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The Fairy Tale of the New Year

by | Jan 2, 2017 | 1 Comment


“Let the fairy tale of the New Year

Bring you so much joy and happiness,

That would be enough

For every day of the coming year.”


While sitting on a slow ski lift on New Year’s Eve I asked my beloved, “Did you think that 2016 was a terrible year?”  I was curious to know his impressions, since my social media feeds indicated that the people I knew or followed overall felt that 2016 was a whopper of a disappointment.

“No, it was just another year like any other,’ he began, “but the holiday is something like a disappearing act and people like magic tricks”.  (For those of you who haven’t met my beloved, he has an uncanny way of observing the world and distilling observations down into a clear and visual way.)

Thus began a long contemplation sparked by a small inquiry on a cold and snowy morning.  Had 2016 been so horrible? I began to run over the last 12 months in my overactive brain and overwhelmingly it felt no better and no worse than other years, as I catalogued successes, failures, events and moments.  It just felt like, well, a whole year had gone by.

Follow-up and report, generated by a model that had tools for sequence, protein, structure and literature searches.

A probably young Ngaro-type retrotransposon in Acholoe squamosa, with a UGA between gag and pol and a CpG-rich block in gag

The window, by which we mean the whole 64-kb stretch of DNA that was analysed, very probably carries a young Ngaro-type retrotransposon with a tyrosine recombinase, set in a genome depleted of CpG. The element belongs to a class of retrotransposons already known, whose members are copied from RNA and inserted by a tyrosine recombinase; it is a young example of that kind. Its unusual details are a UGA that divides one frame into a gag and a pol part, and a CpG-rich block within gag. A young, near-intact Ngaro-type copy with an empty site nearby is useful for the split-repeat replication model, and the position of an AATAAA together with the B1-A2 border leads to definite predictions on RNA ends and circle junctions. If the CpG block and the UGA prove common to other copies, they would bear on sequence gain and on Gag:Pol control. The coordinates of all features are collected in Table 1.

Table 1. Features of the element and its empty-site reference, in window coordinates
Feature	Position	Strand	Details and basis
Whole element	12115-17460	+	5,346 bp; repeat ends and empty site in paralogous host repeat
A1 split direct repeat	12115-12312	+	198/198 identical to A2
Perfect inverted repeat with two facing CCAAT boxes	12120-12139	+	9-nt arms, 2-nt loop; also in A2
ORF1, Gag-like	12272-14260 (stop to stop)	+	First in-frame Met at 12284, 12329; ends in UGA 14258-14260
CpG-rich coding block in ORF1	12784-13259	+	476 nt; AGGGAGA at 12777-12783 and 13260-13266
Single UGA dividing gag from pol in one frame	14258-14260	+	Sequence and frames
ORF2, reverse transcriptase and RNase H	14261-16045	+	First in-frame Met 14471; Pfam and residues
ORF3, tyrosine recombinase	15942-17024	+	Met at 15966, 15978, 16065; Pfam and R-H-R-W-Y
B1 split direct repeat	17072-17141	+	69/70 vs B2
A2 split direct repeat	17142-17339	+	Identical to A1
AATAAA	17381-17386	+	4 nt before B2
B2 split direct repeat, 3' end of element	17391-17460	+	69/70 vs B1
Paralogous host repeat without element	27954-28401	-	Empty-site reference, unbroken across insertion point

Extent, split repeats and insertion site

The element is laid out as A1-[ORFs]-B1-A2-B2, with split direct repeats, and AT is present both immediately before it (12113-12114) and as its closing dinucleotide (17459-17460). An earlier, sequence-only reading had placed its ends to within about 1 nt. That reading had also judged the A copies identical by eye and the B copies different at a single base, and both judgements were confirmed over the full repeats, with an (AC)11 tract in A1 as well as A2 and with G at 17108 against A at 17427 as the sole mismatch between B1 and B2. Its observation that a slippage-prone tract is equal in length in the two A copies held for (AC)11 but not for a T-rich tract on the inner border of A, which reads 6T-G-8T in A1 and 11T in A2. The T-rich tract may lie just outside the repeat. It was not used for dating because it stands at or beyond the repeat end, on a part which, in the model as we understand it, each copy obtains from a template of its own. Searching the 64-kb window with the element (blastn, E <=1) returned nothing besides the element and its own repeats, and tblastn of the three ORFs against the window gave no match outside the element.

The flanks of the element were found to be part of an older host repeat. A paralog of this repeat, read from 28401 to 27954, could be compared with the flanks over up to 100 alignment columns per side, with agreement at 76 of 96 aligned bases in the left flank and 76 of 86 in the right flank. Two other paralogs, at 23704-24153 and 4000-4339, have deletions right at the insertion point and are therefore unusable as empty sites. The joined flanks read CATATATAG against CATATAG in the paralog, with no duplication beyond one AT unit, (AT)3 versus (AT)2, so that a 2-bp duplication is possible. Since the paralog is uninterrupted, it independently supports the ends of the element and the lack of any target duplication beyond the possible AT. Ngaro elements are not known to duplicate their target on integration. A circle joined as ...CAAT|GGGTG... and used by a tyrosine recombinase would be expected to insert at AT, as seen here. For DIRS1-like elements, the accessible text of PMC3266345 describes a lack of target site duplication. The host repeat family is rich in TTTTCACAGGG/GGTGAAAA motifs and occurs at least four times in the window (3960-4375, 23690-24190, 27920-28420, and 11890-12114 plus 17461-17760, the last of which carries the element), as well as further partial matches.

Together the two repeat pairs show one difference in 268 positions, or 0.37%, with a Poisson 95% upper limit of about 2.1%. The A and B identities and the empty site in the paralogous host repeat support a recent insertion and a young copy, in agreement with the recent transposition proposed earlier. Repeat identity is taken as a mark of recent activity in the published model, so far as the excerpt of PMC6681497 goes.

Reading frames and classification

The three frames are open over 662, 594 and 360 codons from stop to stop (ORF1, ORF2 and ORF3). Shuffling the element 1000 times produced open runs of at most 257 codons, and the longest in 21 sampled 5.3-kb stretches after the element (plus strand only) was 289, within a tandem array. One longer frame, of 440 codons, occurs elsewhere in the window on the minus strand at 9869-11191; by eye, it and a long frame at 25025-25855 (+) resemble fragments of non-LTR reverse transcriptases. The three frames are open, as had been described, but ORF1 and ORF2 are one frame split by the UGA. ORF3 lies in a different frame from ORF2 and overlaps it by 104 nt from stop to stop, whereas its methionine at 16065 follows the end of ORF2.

Don’t get me wrong, I could definitely join the bandwagon and gang up on 2016.  I could without any guilt at all dramatically proclaim 2016 as “The Year That Yoga Was Revoked” from my future, having been diagnosed with a serious hip injury that has resulted from a structural problem coupled with years of athletics and also attempting to put my feet over the back of my head.   As a new yoga studio owner, this turn of events felt somewhat conspiratorial on the part of the Universe.  Yet somehow my disappointment and frustration at this plot twist within my life, nor my future hope and inspiration moving forward isn’t tied to the Roman Calendar.  What keeps me going is this: abhyasa and vairagya -- the two yoga pillars of practice and detachment.